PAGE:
We’re so spoilt for beautiful places to take our dogs here in West Sussex.
The current warmer dry weather also means much more play outdoors for both you and your dog; but it’s essential to be aware, and recognise the signs, of one particular environmental hazard.
I’m talking about the dreaded grass seed and whether you’re doing everything possible to protect your dog from these tiny, painful, and often quite expensive, foreign objects.
Grass seeds – shaped like small, pointy, arrow-heads - frequently get lodged in dog’s ear canals, eyelids, and most commonly between toes. Floppy-eared breeds with extra-furry feet e.g. spaniels and cockerpoos are most susceptible.
Signs your dog has a grass seed in their ear can include head-shaking, tilting head, pawing and rubbing affected ear on the ground, often during or soon after a walk. The seed will most likely be lodged inside the canal so impossible to observe with the naked eye from the outside.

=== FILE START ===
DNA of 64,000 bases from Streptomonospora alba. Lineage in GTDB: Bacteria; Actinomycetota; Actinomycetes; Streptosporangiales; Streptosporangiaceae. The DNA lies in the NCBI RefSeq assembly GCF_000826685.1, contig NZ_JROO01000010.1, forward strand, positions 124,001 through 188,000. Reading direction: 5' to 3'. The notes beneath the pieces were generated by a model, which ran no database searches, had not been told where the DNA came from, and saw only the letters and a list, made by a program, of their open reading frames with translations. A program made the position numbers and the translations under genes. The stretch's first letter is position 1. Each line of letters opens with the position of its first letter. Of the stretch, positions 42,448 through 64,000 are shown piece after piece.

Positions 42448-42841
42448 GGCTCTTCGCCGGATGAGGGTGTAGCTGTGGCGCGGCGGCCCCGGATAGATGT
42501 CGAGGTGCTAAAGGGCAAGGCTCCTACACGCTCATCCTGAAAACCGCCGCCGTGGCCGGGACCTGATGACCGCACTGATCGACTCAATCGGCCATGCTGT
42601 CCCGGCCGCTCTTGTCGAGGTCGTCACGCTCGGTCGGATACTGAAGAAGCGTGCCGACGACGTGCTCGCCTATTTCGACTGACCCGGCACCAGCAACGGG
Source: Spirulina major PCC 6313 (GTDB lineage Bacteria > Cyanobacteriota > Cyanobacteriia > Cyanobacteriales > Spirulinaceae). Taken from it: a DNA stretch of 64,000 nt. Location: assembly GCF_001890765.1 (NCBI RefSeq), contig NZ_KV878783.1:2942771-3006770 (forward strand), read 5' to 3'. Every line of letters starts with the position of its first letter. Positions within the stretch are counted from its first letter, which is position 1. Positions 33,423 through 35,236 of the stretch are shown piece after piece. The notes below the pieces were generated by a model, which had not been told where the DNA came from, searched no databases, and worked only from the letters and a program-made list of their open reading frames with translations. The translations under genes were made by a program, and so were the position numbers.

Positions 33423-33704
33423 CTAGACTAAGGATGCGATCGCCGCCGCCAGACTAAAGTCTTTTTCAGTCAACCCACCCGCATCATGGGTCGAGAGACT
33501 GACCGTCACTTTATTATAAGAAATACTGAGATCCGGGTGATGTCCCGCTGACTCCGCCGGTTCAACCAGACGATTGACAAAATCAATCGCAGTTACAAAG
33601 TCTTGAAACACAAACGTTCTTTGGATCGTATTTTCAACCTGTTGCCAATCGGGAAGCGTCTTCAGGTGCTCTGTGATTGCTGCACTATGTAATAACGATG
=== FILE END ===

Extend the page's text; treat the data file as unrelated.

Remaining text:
Grass seeds lodged in the skin between your dog’s toes however are usually accompanied by a very painful red blister which your dog’s been licking. Often there’s a small hole visible in which occasionally you’ll spot the tip of the grass seed. If left, the grass seed normally travels further up into the foot making your dog’s whole paw painful and swollen.
To diagnose grass seeds in your dog’s ear we use an instrument called an otoscope to look down the canal. Dogs sometimes require sedation to allow removal of the grass seeds using special forceps. Grass seeds in paws can be incredibly challenging to find as they often hide within swollen tissues and don’t show up on X-Ray, usually requiring heavy sedation to explore as it’s so painful.
Owners of long haired breeds should take care in long-grassed areas, clip away fur on paws, toes and around ears, even consider putting booties on your dog!
When returning home from a walk, always check your dog’s feet for grass seeds, as well as eyelids and lip folds too. For advice, or if you think your dog has a grass seed, please call Grove Lodge Vets on 01903 234866.
by Marc Abraham | visit www.GroveLodgeVets.co.uk